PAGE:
Beyond The Campfire was created to encourage readers to explore the great outdoors and to look at it more closely. Get out and take a hike, go fishing or canoeing, or simply stretch out on a blanket under a summer sky...and take your camera along. We'll talk about combining outdoor activities with photography. We'll look at everything from improving your understanding of the basics to more advanced techniques including things like how to see photographically and capturing the light. We'll explore the night sky, location shoots, using off camera speedlights along with nature and landscape. Grab your camera...strap on your hiking boots...and join me. I think you will enjoy the adventure.

The Pilot

The Pilot
The Pilot

Saturday, February 23, 2013

Nature's Favorable Way; On the Upper Colorado River


I stopped momentarily on the side of the road high above the valley below. The blue ribbon that was the upper Colorado River fluttered across the landscape cutting through the valley and disappearing around the far bend several miles away. A light breeze cut through the altitude with a warm embrace. Rugged hills, sparsely covered in pine, broke the skyline into sections of blue which in turn were broken by white clouds hovering in the morning light. The sleepiness that had prevailed across my eyes during the morning drive vanished as I surveyed the scene for I knew this day was the beginning of a new adventure . . . an adventure I had dreamed about for many years. It was September, 1995.


It is good do such things . . . visit nature at its core . . . for it opens the heart to what it desires most. What my heart desired was to spend time alone fishing and observing a part of creation that offered a respite from the stressful nature of making a living. All I had was one single day, but it was to be a day filled with new wonders that calmed the heart and reclaimed the soul.

I completed the drive into the valley and found an access and near that access was a trail that wound its way along the river for some distance. For the next several hours I hiked and fished, then hiked some more spending more time seeing than fishing. The fall colors were just beginning their transformation with splashes of yellow interspersed among the green. A perfectly brilliant day carried me on its wings of warmth, color, and clarity. I saw only one other fisherman standing waist deep in the clear moving water of the Colorado. Beyond him the hills rolled toward the sky and the brilliance of the sun caused the landscape to glow with a fresh flavor.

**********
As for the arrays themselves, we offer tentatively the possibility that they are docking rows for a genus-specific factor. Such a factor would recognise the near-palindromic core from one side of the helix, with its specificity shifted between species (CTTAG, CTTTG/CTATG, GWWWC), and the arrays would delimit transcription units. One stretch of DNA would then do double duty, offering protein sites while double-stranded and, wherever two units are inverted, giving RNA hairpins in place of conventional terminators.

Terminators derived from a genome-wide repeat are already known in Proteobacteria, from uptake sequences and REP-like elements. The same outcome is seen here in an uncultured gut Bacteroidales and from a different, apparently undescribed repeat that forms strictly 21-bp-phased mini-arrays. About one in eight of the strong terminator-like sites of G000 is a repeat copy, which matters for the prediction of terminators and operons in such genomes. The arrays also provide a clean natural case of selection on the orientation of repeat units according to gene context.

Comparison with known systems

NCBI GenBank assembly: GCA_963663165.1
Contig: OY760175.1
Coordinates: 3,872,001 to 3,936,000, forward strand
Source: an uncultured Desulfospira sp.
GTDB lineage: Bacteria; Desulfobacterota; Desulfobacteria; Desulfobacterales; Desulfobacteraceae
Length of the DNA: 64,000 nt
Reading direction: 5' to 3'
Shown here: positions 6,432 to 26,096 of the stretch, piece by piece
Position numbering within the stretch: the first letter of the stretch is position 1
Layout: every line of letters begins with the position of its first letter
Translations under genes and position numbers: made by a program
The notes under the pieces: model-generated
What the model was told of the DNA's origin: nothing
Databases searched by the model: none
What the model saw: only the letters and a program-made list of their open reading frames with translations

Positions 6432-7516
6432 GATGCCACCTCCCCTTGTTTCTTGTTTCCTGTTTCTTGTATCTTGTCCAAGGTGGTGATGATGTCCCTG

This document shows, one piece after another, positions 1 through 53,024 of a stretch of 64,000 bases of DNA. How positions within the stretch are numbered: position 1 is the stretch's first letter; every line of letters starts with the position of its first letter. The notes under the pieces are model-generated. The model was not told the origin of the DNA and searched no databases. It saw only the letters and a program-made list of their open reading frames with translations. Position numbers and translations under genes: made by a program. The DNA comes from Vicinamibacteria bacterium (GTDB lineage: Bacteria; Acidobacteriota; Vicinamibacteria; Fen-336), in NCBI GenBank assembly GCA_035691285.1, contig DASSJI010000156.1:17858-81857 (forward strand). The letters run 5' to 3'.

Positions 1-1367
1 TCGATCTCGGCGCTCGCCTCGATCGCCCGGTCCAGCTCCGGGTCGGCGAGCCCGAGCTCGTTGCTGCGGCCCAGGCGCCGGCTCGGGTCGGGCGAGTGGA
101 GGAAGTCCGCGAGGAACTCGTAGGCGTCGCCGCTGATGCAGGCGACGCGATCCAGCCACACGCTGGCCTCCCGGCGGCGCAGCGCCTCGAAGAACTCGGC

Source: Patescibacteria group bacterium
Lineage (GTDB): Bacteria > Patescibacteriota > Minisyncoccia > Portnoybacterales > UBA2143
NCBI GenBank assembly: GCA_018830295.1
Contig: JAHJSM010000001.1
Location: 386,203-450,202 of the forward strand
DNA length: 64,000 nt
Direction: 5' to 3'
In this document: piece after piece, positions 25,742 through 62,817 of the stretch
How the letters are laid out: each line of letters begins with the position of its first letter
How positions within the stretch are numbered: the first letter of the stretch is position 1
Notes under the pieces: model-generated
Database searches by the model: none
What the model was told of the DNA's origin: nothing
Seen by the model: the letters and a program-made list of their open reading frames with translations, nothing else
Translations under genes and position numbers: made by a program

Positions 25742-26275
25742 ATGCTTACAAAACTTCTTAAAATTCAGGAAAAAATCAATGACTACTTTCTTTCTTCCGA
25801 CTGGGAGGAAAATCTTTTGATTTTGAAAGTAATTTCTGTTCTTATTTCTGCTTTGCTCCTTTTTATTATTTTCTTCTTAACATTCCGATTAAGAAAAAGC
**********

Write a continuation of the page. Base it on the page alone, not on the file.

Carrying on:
Through the day I would sit in a shade and simply absorb the moments of stillness. There was a cleanness here that prevailed as far as one dared to see and I dared to see as far as my heart would allow me. Within all of us resides a need to connect with nature. That is why we feel so refreshed after spending time within its realm. Too quickly we lose that connection. Work, family, trials, events, conspire to prevent us from living out those desires.

Eventually I settled along the bank where a set of rapids emptied into a wider deeper pool tucked against a steep bank on the far side. With almost every cast I felt a hit . . . no takers . . . and with each hit my anticipation multiplied. Then as a dory guide boat drifted into view with three people on board, I made one long cast into the stiff water and a twelve inch rainbow trout tided into the small spinner. He immediately leaped and spun and tugged against the current causing my lightweight fishing rod to bend favorably against his fighting nature. The dory crew dropped anchor and began to froth the waters across the deeper end of the pool.


My rainbow cast a myriad of colors in the back light as he continued to fly from the waters embrace and when finally he lay exhausted on the bank, I lifted him in triumph displaying my trophy to the three in the dory. They waved their approval and weighed anchor and continued on their journey. Gently, I lay that noble fish with its fighting spirit back into the current allowing him to regain some strength . . . in a flash he was gone.


In all too short of time, the day drifted away and I began my return drive back to Denver . . . back to the society I sought refuge from. As the last vestiges of light cast its beams across that valley. I stopped once again and bid farewell to a most remarkable day. Surely, nature was favorable to me.

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